Television is a Vampire That Feeds on Writers

Family gathered around television

“I offer you my entire family. Feast!”

Today, as usual, I procrastinated quite a bit before sitting down to do this post. I ate a bagel, watched a few shaky, grainy teaser trailers captured via fans’ cell phones at San Diego Comic Con (one of them was a brief scene in Ben Affleck’s in-production Batman V Superman. Batman looks fat and slow and his eyes glow white, fyi), listened to some Beatles on my iTunes, which I’m actually still doing as I write this. Past Masters Volume 2.

I guess my preferred form of procrastination is to enjoy the fruits of somebody else’s creative labor. Anything that’ll sort of get me whipped up into geek mode, because then I’m usually primed to do some writing of my own. Sometimes I’ll read a chapter or two from a book, or maybe I’ll just stare at the wall and just think about how much I like some writer or filmmaker.

What I’ll never do is allow myself to sit down in front of a television, even for a split second. It’s a major black hole, the television, no matter if you’re watching the news or a movie or whatever.

I’ve found that the moment I lower my guard and switch to passive “television watching” mode, I lose ALL momentum. I slip into a nose-dive from which recovery is near impossible. I’m telling you, I regard a live, flickering television like it’s some kind of violent, salivating productivity vampire. I can survive in it’s general vicinity for the few moments it takes me to make coffee or have breakfast or something, but, for me at least, that act of sitting down on the couch is sort of like ringing the dinner bell for Nosferatu.

The sitting down, the surrendering, that’s the killer. If someone beckons me to the television with a “hey, you need to see this,” I’ll usually come and watch, but I’ll stand behind the couch. Even if the video in question lasts a whole twenty minutes, I’ll stand there behind the couch like some kind of android in sleep mode. Because once you sit down, the television can smell you.

This is not to say I never sit down in front of the television, but when I do, it means I’ve made a conscious decision to give up all creative productivity for the day, to abandon all  projects, including even reading. I rarely do this. Maybe four or five times a month (including weekends) I’ll give myself permission to idly “veg out” in front of the TV like Homer Simpson.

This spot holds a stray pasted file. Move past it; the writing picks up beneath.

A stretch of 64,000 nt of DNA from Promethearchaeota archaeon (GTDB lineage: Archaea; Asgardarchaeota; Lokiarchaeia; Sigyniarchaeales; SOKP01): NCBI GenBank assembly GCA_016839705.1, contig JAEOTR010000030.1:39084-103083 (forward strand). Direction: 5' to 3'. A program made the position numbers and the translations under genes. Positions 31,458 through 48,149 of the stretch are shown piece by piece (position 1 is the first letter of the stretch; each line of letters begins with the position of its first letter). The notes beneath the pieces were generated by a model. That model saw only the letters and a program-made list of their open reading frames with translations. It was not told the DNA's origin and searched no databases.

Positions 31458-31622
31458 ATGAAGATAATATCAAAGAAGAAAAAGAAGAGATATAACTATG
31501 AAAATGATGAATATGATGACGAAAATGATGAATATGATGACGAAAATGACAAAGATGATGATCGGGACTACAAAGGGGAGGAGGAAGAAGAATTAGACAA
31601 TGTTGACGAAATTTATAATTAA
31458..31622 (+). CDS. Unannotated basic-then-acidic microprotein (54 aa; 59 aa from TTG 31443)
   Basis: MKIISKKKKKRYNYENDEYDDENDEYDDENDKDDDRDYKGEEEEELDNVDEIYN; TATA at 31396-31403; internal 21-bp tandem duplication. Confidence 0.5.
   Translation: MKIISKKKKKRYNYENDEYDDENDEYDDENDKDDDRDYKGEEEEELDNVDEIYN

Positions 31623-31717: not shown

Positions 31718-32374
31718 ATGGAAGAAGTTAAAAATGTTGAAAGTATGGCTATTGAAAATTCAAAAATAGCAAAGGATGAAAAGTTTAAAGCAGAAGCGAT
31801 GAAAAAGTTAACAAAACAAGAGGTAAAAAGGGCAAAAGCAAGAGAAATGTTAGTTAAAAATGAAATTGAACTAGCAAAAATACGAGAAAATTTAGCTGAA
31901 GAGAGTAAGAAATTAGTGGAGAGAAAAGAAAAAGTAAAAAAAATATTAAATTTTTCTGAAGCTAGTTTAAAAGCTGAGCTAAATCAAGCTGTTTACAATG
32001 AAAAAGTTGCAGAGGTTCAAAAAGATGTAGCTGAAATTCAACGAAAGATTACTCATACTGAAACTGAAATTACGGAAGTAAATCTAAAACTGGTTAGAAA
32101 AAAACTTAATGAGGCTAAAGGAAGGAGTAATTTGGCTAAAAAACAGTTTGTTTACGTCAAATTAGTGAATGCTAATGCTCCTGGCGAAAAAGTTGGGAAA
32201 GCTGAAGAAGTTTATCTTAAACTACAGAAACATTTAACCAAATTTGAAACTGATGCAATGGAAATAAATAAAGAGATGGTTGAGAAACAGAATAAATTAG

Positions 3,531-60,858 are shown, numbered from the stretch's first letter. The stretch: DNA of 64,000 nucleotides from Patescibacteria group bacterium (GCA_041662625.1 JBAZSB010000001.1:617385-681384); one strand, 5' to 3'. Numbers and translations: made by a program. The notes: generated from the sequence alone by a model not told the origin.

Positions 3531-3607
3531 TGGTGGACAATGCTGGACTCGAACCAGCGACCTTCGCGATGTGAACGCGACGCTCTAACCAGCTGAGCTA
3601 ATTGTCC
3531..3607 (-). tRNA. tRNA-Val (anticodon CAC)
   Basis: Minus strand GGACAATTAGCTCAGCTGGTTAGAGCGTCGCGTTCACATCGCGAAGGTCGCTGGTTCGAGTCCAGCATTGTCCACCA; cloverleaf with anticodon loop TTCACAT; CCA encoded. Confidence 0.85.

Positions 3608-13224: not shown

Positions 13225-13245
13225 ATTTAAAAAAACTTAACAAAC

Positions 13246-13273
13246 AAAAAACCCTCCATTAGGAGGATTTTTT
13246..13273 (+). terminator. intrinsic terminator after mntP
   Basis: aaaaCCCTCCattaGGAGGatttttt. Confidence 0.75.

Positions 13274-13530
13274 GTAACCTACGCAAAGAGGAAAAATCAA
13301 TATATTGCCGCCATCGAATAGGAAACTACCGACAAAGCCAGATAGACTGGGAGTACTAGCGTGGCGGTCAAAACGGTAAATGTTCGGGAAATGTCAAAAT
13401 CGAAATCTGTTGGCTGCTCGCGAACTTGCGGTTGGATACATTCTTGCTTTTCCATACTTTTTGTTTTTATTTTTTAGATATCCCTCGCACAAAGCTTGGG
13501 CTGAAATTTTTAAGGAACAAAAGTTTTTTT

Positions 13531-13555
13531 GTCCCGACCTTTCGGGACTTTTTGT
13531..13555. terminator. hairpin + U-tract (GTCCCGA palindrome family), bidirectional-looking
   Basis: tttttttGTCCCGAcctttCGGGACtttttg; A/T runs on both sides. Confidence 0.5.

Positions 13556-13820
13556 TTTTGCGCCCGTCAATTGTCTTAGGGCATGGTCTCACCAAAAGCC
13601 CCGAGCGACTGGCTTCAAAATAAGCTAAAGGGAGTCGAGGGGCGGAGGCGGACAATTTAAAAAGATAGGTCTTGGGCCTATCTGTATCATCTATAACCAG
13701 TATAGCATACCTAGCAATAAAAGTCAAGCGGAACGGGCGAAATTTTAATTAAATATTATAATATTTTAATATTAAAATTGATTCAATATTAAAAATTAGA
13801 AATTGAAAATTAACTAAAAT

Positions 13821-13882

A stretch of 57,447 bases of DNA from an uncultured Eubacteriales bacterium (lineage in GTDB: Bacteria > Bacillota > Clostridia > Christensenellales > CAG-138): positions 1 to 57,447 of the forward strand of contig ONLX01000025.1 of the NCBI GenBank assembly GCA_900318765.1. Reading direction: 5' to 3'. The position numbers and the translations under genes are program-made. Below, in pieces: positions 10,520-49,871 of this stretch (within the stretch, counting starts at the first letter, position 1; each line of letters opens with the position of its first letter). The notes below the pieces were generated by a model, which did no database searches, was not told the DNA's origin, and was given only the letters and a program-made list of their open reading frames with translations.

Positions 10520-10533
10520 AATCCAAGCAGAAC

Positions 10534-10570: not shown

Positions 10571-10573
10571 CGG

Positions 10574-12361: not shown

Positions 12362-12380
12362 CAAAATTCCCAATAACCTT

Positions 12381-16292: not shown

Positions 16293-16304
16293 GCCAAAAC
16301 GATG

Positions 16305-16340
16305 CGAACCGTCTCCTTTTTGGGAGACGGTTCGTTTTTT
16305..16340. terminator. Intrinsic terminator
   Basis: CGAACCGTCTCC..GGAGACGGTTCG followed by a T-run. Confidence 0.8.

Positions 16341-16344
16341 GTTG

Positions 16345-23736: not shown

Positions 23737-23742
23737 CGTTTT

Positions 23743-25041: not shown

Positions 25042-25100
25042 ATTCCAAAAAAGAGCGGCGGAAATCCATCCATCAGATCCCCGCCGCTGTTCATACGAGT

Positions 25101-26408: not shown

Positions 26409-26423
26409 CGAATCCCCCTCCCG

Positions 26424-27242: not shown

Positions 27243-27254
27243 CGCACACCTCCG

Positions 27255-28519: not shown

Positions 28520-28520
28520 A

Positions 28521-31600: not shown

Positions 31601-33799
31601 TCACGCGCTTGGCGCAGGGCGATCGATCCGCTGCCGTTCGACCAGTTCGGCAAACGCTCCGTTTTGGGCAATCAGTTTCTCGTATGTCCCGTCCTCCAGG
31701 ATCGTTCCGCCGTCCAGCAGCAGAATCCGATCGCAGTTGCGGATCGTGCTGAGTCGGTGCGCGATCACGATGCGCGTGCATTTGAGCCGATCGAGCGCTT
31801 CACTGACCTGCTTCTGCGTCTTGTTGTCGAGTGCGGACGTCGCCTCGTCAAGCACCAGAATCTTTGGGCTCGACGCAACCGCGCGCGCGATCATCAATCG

Please note, I’m not including Netflix streaming here. Sometimes, if I’ve gotten myself hooked on some television show like Breaking Bad, I’ll allow myself to watch an episode or three on my laptop before I go to sleep. Watching Netflix directly before I go to sleep is acceptable, because at that point all live creative endeavors have been, too, put to bed.

What about you, Reader? Do you willingly sacrifice yourself to the Productivity Vampire on a daily basis? Or are you a little more like me—distrusting of the television?

This post was based on a Daily Post prompt from over a week ago, which asked the writer to describe his/her favorite procrastination destination.






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11 Responses to Television is a Vampire That Feeds on Writers

  1. Doobster418 says:

    Alas, I spend more time sitting and watching TV than I care to admit. But there are times, after a long workday, when sitting there vegging out watching a good, compelling drama is just the thing! And then there’s that damn time-shifting DVR.

    • Bill Carson says:

      I forgot about that, and I totally agree: sinking into the couch and just turning off your brain for a while can be a great de-stressor after a difficult day.

  2. Yes, I definitely save TV viewing for the end if the day, the last couple of hours before I go to sleep. However, I do find a similar effect from the computer yet it us often more necessary to get on the computer during the day. In this case, I just try to do what I have to do and then move on.

    • Bill Carson says:

      yeah, it’s a bummer the computer is so integral to the writing process. There’s actually a cool app for Mac called “Freedom,” where you can turn off your internet connection for a set period of time, therefore eliminating the possibility of online procrastination. You basically set it and forget it. Of course, if you really wanted to, you could simply restart your computer and zero the clock, but that would mean you were truly hell-bent on procrastinating, which usually isn’t the case.

  3. yes, I can veg out to a computer game, tv-I did in the eighties.

  4. zareenn3 says:

    I remember that daily post prompt!
    Hmm interesting theory. It is kinda true though. The TV sucks the life out of you and once you have sit down you have to watch one thing after another and I just can’t seem to get up! Ugh!

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